• electrochemistry;
  • hard-carbon;
  • insertion;
  • Na-ion battery;
  • sodium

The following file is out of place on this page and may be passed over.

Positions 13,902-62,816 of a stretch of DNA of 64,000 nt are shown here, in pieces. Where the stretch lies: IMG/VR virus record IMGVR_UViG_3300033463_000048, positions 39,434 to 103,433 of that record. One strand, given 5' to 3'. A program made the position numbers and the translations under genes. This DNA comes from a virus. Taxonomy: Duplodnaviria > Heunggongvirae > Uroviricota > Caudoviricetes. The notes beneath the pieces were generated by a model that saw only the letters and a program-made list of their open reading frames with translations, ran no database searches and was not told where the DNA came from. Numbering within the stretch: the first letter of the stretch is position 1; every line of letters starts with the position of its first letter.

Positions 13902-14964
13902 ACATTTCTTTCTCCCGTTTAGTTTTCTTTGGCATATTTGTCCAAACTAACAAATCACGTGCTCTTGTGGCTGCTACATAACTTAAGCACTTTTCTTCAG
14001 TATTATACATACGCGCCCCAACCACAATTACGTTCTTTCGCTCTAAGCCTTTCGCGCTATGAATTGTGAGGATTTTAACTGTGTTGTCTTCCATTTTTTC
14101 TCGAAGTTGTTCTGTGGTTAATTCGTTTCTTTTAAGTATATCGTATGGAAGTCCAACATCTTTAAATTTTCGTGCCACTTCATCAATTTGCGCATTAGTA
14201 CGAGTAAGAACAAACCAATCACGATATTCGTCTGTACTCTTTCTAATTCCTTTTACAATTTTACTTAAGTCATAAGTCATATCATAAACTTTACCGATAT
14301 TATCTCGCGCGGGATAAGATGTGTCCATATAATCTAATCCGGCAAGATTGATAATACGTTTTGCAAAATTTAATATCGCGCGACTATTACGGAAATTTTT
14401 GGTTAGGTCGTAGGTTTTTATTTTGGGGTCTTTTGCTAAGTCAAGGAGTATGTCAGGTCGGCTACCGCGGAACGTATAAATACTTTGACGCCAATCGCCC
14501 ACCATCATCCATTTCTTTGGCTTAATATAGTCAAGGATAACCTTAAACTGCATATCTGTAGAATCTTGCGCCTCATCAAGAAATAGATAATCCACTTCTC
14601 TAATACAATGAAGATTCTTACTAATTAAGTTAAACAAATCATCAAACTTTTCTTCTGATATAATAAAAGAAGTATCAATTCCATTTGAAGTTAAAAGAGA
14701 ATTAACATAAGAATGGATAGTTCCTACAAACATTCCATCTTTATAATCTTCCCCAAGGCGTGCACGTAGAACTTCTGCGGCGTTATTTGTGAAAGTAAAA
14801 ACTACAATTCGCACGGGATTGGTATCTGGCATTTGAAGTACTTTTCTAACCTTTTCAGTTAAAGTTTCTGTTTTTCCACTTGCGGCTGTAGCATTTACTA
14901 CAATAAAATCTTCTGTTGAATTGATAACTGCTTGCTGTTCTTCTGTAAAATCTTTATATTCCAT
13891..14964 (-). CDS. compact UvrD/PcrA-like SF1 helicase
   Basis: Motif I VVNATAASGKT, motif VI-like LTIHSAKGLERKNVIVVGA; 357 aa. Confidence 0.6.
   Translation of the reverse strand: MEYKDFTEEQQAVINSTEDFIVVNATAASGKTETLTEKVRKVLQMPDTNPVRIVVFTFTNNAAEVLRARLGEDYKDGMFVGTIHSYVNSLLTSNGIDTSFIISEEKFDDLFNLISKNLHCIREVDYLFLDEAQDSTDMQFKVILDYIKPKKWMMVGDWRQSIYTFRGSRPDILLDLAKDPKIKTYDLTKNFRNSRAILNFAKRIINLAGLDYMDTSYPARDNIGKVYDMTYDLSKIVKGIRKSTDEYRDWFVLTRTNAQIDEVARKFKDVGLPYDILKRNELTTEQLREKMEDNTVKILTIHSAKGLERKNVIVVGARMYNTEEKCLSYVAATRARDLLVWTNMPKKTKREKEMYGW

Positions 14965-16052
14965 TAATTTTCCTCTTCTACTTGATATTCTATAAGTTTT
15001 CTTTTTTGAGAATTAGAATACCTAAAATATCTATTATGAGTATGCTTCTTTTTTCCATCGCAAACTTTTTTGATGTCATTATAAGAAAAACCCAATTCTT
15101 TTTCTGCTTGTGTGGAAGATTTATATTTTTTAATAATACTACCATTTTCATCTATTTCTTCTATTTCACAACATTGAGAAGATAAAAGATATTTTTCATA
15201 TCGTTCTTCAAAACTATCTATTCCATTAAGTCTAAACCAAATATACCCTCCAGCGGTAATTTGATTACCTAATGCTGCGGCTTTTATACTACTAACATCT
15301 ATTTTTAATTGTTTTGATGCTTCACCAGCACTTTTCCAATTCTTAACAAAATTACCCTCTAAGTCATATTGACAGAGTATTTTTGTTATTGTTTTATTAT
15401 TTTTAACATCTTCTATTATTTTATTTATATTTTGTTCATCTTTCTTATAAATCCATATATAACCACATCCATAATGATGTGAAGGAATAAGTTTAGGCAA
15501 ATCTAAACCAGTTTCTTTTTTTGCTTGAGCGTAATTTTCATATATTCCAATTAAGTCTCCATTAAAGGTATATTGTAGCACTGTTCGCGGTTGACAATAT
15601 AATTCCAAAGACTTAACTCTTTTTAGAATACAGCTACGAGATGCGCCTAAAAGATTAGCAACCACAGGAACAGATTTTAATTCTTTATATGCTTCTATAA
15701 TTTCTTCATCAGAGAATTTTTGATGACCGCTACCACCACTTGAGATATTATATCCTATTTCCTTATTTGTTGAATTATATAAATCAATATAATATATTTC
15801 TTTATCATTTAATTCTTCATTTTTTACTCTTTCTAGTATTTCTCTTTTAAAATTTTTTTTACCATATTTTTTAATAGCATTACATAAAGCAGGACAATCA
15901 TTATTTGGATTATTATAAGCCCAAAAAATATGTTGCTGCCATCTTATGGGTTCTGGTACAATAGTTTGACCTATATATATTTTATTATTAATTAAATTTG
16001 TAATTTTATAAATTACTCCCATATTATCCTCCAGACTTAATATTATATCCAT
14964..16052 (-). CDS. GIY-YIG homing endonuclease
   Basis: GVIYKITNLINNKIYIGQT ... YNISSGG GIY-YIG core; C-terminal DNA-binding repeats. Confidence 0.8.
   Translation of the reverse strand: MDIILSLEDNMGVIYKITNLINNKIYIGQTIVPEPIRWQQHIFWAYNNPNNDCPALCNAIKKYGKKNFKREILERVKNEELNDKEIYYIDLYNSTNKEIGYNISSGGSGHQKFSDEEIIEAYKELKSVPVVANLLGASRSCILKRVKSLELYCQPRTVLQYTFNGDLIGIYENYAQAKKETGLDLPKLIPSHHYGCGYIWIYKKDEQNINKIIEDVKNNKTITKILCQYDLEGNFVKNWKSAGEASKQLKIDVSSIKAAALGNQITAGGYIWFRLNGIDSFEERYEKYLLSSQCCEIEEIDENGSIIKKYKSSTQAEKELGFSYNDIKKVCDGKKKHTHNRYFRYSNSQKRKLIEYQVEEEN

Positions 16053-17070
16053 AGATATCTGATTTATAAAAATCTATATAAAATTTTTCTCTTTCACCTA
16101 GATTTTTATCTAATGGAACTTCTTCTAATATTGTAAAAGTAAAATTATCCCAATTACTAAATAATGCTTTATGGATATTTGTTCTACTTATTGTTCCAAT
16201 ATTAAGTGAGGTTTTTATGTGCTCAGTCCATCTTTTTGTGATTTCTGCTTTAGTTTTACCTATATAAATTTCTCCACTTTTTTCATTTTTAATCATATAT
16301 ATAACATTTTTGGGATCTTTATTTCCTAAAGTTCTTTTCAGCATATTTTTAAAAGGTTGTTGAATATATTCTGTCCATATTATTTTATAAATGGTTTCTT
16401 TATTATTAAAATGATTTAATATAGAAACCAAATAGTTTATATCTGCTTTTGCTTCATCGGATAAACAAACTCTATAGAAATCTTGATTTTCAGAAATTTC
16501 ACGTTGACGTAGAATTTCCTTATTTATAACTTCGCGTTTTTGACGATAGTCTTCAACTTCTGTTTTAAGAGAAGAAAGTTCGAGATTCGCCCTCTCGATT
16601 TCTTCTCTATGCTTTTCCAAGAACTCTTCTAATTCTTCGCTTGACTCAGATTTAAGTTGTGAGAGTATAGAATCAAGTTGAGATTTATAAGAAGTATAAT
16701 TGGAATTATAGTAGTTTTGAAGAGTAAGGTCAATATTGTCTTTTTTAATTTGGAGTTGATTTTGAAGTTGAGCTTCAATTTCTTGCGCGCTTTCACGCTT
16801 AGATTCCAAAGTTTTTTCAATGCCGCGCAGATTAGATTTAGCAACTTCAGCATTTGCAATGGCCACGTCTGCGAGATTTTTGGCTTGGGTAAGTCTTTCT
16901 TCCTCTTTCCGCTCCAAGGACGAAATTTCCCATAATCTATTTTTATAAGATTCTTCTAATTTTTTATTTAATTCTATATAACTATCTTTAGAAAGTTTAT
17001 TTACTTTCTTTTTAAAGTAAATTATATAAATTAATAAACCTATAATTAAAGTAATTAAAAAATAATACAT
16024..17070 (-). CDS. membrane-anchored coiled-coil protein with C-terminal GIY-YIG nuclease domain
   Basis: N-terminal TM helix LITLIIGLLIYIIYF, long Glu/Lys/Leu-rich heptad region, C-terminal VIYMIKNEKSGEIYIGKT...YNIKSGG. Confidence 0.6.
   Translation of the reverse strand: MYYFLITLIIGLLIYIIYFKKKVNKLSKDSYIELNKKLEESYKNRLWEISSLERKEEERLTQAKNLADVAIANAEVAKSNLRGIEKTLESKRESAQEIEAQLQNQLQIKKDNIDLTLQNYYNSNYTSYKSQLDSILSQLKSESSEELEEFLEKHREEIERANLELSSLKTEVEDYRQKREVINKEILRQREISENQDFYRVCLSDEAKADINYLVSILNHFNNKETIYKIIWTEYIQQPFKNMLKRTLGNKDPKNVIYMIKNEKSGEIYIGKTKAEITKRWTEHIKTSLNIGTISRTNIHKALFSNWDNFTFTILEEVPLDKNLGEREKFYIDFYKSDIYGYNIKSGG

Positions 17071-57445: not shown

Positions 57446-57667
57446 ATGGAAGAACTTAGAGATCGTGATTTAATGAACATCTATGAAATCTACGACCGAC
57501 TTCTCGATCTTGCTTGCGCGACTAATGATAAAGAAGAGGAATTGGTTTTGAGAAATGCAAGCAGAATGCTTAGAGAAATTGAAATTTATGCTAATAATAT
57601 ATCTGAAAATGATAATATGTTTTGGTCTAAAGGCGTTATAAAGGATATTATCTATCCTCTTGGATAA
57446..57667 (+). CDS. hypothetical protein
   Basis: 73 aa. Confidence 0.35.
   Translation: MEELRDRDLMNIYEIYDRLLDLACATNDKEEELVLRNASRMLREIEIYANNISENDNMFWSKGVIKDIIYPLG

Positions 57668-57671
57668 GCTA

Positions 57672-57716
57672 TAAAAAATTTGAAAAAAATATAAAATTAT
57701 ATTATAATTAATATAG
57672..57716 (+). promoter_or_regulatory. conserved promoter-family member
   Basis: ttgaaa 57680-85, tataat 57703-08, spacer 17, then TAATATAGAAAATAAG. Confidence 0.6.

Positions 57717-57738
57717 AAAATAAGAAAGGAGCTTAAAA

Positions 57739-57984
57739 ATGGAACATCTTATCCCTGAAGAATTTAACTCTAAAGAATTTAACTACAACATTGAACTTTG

Recently, lithium-ion batteries have been attracting more interest for use in automotive applications. Lithium resources are confirmed to be unevenly distributed in South America, and the cost of the lithium raw materials has roughly doubled from the first practical application in 1991 to the present and is increasing due to global demand for lithium-ion accumulators. Since the electrochemical equivalent and standard potential of sodium are the most advantageous after lithium, sodium based energy storage is of great interest to realize lithium-free high energy and high voltage batteries. However, to the best of our knowledge, there have been no successful reports on electrochemical sodium insertion materials for battery applications; the major challenge is the negative electrode and its passivation. In this study, we achieve high capacity and excellent reversibility sodium-insertion performance of hard-carbon and layered NaNi0.5Mn0.5O2 electrodes in propylene carbonate electrolyte solutions. The structural change and passivation for hard-carbon are investigated to study the reversible sodium insertion. The 3-volt secondary Na-ion battery possessing environmental and cost friendliness, Na+-shuttlecock hard-carbon/NaNi0.5Mn0.5O2 cell, demonstrates steady cycling performance as next generation secondary batteries and an alternative to Li-ion batteries.